It is bad enough that the government might collect data for one (lawful) purpose and then use it for another (nefarious) purpose, but what happens when all data is keyed by a single key, such as a Social Security number (SSN), which itself was never designed for the purpose of personal identification? And what happens when that number is leaked (100 million instances and counting) or stolen (15 million instances and counting)? The opportunities for abuse, both within and outside the system become virtually limitless. (And legislation passed in 2005 has only served to accelerate both the breadth and depth of these opportunities.)
Which is why the iPhone activation mechanism is so troubling, because it compels people in the heat of the moment to do something they should never do if given a moment’s thought. Now, I’m sure that it’s possible to get a phone activated without giving up one’s SSN. I did it with my carrier several years ago by walking the issue up to a VP’s desk and posting a $1,000 bond for two years. So it can be done. But should it be so hard? And how are we going to teach our children the importance of protecting personal information when the laws of the state and mainstream corporate behavior make it virtually impossible to do so?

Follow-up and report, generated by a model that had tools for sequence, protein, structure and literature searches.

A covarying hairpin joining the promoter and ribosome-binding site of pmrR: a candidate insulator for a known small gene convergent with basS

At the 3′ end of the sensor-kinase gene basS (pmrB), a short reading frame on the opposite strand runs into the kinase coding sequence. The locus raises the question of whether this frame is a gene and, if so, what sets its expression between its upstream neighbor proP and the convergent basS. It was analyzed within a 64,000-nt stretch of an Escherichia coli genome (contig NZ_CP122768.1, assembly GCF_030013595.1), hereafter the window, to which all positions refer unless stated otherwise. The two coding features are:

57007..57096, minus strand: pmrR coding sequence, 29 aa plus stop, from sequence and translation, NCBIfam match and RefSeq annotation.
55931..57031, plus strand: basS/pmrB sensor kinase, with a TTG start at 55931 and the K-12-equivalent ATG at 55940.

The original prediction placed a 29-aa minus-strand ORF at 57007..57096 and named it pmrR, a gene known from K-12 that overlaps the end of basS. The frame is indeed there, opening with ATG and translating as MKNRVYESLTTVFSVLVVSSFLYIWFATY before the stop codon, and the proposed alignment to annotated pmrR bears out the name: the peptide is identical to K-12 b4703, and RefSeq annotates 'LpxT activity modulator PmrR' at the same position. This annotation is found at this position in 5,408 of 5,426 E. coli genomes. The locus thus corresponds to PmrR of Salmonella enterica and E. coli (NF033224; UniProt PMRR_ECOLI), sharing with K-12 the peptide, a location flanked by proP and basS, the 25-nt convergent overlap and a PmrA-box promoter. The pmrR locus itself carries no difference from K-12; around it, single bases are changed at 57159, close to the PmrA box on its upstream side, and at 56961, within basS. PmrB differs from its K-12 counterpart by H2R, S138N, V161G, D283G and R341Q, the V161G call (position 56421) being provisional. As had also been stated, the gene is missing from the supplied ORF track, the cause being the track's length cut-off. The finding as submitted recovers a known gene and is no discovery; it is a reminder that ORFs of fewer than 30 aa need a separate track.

The only solution I can see is that our family will have to dramatically expand the lesson of “you are responsible for you” beyond the basics of verbal and physical conduct. If you have any good references on how to teach your third-grader the ins and outs of identity management and information security, I’d be happy to receive them now. In the meantime, we’ll let you know whether we find a way to activate Amy’s new iPhone without handing over sensitive personal information to a company that has demonstrated no respect for personal privacy or identifying data.
What is so magical about this great country is that none of this applies here and we still have time to stop it from happening. Britain is still great. It is not to late to pull her back from the brink of the abyss.